Everybody loves a dope sample flip. Hip-hop is a special art form because it not only incorporates music from decades ago, but it can help introduce you to and fall in love with that music.

'Who Flipped It Better?' is our new weekly column where we'll take one song, our first being James Brown's legendary 'The Payback,' and choose two rap records that sampled that track. We'll break each one down and decide which song flipped the sample better. Loop diggers, crate lovers and hip-hop heads alike, rejoice.

James Brown’s 'The Payback' has scoured every inch of hip-hop’s landscape. Sampled by over 150 rap songs ranging from The Almighty RSO and MC Ren to Wreckx-N-Effect and Public Enemy, those warped guitar licks from the intro are one of the most well known loops in rap’s history. We take it coast to coast to see how two rap groups on opposite ends of the map made the funk… even funkier.

Sample: James Brown – ‘The Payback’

We start in the West circa 1990, when MC Eiht was coming up with Boom Bam, MC Chill, Ant Capone, and producer DJ Slip. They called themselves Compton’s Most Wanted and they were some bad mother shut-yo-mouths, boy: Slip had produced Ice T’s mega-hit ‘6 In The Morning’ prior to the group’s formation (as well as another hit by King Tee), and right before their sophomore album ‘Straight Checkn ‘Em’ dropped, MC Chill got knocked for a three year bid, thus missing most of CMW’s success.

First flip: Compton’s Most Wanted's ‘Final Chapter’

Their debut album, ‘It’s A Compton Thang,’ was rider music. Coming in at a lean 11 songs, they kept things gully while soul wafted up from the bass of every track (they even snuck in a DJ Quik diss.) Track three is ‘Final Chapter,’ and once it begins with a drum break from the J.B.’s ‘(It’s Not The Express) It’s The Monaurail,’ DJ Slip cleverly folds the ‘Big Payback’ break, along with those long-faced strings, into the centerpiece of the beat. The verses have both samples layered onto (or into) one another to head-wobbling effect – it’s hard not to screw your face up to it.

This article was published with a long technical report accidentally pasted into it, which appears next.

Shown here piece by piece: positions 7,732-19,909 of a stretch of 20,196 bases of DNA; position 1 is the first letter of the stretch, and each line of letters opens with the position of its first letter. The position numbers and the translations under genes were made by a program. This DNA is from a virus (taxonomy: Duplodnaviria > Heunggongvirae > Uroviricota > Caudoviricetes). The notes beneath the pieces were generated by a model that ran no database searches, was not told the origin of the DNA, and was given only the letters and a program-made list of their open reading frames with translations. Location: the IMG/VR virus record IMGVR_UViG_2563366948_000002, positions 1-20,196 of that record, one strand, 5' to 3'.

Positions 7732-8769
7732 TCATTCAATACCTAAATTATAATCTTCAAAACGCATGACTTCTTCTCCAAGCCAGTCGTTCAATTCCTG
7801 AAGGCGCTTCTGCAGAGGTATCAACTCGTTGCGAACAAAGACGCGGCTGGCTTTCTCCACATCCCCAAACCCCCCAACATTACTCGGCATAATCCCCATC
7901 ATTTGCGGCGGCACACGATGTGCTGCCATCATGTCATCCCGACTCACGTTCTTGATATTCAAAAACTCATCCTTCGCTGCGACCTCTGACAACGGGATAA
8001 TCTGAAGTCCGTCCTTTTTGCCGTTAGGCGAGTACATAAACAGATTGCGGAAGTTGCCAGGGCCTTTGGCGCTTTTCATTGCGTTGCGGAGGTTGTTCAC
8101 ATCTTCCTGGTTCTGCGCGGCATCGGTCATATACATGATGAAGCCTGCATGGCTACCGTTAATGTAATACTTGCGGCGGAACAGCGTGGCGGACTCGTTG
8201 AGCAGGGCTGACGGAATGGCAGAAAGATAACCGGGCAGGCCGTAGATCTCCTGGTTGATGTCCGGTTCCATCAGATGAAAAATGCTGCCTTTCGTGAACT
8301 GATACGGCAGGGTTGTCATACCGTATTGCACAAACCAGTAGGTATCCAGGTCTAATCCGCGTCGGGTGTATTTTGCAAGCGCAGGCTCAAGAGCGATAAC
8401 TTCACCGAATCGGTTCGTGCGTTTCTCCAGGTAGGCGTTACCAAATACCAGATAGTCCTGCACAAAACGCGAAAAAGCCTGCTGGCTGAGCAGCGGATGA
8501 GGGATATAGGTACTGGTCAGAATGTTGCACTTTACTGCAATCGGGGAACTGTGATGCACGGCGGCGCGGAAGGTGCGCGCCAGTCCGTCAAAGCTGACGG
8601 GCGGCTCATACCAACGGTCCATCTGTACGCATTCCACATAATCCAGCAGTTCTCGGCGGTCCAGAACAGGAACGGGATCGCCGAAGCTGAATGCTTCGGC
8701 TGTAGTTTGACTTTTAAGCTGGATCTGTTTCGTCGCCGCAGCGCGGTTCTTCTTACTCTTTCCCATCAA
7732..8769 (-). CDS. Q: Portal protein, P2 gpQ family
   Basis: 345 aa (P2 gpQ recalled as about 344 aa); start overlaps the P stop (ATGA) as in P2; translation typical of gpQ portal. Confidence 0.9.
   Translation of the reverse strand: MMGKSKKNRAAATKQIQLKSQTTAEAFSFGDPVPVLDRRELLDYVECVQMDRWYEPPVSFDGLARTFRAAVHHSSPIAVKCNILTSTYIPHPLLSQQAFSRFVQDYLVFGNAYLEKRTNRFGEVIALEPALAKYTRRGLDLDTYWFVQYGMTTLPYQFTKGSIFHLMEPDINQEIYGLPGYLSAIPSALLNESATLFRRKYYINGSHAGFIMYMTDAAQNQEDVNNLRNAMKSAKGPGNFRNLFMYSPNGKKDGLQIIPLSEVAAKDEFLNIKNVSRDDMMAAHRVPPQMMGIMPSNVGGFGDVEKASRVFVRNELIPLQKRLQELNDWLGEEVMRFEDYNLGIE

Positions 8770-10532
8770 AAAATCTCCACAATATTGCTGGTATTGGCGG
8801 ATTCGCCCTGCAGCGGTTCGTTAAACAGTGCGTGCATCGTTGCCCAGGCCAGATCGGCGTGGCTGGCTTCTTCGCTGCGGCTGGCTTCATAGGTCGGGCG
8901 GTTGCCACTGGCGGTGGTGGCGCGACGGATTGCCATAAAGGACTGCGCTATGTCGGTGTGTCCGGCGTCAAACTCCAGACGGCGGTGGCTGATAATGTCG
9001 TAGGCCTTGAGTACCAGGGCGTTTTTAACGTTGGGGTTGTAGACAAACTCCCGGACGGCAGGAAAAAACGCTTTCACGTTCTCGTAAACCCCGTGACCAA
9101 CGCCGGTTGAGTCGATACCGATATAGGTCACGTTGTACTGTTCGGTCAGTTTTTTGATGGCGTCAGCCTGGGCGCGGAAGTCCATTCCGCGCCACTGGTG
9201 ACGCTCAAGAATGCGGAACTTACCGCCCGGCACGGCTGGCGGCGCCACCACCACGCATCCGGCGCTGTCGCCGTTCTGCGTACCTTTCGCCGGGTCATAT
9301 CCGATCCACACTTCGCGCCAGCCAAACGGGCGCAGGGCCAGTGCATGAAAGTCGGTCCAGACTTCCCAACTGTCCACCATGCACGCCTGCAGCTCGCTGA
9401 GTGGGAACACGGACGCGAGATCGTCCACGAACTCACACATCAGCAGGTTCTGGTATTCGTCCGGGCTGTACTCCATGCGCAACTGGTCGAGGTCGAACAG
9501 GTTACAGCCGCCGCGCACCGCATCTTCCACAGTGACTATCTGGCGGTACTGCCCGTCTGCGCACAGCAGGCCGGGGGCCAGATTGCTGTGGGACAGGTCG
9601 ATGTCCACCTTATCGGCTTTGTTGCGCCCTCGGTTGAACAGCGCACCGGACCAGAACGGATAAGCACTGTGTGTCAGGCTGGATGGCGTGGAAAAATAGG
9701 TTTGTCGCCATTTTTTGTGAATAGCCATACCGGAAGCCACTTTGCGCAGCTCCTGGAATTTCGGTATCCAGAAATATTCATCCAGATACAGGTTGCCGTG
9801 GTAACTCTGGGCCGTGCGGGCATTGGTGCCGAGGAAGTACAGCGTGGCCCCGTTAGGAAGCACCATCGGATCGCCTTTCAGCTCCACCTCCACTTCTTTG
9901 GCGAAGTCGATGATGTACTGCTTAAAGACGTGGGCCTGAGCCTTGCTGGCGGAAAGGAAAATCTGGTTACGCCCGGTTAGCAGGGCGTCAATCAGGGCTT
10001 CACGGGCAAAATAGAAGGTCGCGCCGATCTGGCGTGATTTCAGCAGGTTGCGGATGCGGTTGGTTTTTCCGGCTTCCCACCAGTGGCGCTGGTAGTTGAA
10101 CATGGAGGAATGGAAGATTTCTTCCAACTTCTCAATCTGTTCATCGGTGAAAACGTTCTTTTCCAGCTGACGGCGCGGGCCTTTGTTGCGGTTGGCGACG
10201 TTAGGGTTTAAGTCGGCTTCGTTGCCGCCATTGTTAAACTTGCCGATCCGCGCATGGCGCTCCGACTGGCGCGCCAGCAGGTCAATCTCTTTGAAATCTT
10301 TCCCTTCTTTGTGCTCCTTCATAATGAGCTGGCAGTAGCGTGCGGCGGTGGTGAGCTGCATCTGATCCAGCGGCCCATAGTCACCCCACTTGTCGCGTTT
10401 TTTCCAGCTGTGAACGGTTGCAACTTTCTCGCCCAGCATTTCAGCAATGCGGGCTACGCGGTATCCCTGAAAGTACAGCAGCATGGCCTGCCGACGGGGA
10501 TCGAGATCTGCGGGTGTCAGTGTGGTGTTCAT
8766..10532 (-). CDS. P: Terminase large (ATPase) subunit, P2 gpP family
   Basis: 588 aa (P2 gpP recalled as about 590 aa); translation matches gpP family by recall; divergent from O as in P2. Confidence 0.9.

Second flip: Greysun and Jasun's ‘Livin’ Like A Troopa’ 

Across the country one year later, two dudes under Slick Rick’s wing had released a single called ‘Livin’ Like A Troopa.’ Their names were Jasun and Greyson, and no they weren’t a ghetto folk duo. Besides the fact that these two look like they bought matching suits from the thrift store and did a photoshoot in a prison shower for the cover, ‘Sweatin’ Me Wet’ was a solid album produced by Rick’s main man Vance Wright and even featured a guest verse from the Ruler himself.

The standout cut is clearly ‘Livin’ Like A Troopa,’ and in the video they tote guns to distance themselves from that whole ‘don’t drop the soap’ steez from their cover.  The ‘Payback’ drums and yawning licks dominate the production without ever really giving room for another bridge in the beat, like the chorus of ‘Final Chapter’ does with the ‘Hot Pants’ sample.

‘Final Chapter’ is stuffed with six samples (all revolving around James Brown and The J.B.’s) throughout the song, and while Wright also used six samples on ‘Livin Like A Troopa,’ pulling from Run-DMC, Kurtis Blow, and Herb Alpert, it doesn’t quite have as much depth as Slip’s engineering has. There’s something so in the cut about how Slip connects samples on top of one another to groove together, where as Wright’s beat seems almost like a simple loop in comparison. The girls might have been sweatin’ Greyson and Jasun hard, but the duo stands down to MC Eiht’s crew this go-round.

WINNER: Compton's Most Wanted

Or at least that's what we think but what do you think? Vote for the best sample flip below.